Best books this year

12:41 PM

If you  come look at my 2014 New Year's Resolutions you will see amongst them that I planned to read at least 4 if not 6 books this year. I tried not to put to much pressure on myself (a-hem) so I thought I would go with four. Well, technically I have read four, but two were a bit trashy and easy to read and don't really count to make it on the list. I am hard on myself that way. Trashy is just fr fun, there is no enlightenment in it. But I did get through two very good books which DID enlighten me a bit.

The first was Rena's Promise. A bit heavy, but I couldn't put it down. Not that it was so eloquently written but because it was so well laid out and the memories were so clear. I could see myself there, which was both awesome and scary. Why? Because it was abut two sisters in Auschwitz, some of the few who arrived and ...THEY ACTUALLY SURVIVED FOUR YEARS THERE! I have to admit that I am a bit of a Holocaust addict and have read many stories and memoirs on the subject. I'm not even Jewish. But I used to pretend to be when I was a kid....I know, I'm a dork. But this book was one of the best I'd ever written just because the woman remembered so much about the small details: realizing what the ovens were for, having to jump the trench in order to survive the next two weeks, hauling bricks there just to haul them back again the next day, being told the Germans were winning the war and that the Jews were going to be sold into slavery for the rest of their lives. She talked about her own despair and not trying to show it, how hungry they were, how they still tried to liven up and flirt when they could, how sme were nice to them (as nice as they could be), how they watched a line of children march by them and not being allowed to run to them and hold them. How people became mean and vengeful due to hunger and fear.....I think it was the first time I read about the death camps and actually felt and understood the gravity of the situation because I could feel along with her that she had no idea how long the war would last and if the Germans would win or lose. Years. Four long years. It's cray, cray. I recommend the book. An easy read to really see that side of the war.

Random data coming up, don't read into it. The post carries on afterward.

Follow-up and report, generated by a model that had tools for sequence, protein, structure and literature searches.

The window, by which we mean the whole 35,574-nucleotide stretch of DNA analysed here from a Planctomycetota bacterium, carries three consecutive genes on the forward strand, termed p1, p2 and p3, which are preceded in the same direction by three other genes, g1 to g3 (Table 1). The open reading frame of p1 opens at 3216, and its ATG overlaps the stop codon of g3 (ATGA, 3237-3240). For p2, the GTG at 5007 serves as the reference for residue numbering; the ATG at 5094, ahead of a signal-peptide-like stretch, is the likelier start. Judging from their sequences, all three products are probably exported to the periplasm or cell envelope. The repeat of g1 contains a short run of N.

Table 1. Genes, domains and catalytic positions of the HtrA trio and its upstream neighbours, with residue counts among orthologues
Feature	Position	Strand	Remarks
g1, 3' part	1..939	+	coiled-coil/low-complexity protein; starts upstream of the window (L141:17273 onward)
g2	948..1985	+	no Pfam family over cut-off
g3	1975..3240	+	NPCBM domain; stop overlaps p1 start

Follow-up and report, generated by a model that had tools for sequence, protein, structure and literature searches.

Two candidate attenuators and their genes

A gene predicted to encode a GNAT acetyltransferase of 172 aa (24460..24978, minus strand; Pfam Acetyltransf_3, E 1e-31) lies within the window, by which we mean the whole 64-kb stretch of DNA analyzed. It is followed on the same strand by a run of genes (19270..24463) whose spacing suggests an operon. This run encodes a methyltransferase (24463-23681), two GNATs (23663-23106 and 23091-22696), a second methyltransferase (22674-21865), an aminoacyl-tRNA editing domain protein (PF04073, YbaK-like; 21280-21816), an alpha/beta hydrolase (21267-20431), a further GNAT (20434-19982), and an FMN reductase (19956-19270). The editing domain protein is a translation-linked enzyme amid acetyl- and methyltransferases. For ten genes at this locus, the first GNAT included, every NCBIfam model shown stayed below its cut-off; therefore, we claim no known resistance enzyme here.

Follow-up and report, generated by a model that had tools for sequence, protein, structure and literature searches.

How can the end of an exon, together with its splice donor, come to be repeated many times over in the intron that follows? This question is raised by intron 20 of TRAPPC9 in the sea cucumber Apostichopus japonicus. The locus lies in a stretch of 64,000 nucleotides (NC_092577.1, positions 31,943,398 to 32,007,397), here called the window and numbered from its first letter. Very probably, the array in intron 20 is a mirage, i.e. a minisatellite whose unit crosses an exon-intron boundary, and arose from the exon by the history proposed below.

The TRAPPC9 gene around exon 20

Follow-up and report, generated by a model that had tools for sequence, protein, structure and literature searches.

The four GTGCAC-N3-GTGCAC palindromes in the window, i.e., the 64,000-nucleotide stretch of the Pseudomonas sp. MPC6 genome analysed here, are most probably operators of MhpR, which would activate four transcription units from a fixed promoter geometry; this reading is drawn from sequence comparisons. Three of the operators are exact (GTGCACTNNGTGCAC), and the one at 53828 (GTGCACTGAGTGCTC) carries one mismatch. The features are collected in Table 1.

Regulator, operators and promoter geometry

On a lighter note I read Nothing Daunted which was about two New York debutants who took jobs o teach for a year in rural Colorado during 1916. I had no idea that Colorado was that rough just 100 years ago. During the book I kept thinking: my grandparents were born just 6 years later and this is how Colorado still was? New York was a booming town then, Chicago was booming, and Colorado was still the wild west! It was hard to envision things at times, but the author placed quite a few photos in the book, which helped tremendously. I loved wondering about the kids they were teaching, shuttering about the life many of the women had to live and sighing with relief that I wasn't born back then in Colorado. I'm not sure I would do very well. I liked how the author remained unbiased when she wrote about the coal mines, still managing to cast a good light on one of the managers even thought knowing history I wouldn't agree with that man's decisions. But that is the advantage of knowing what will happen in the history to come...
I would recommend the book. It isn't as revitating as a novel, but it is crazy to think about the middle of America being that harsh and rough less than 100 years ago. That's really only four generations ago! I don't know, it really impacted me!

                                        

What have you read this year?

                                                                Mama's Losin' It

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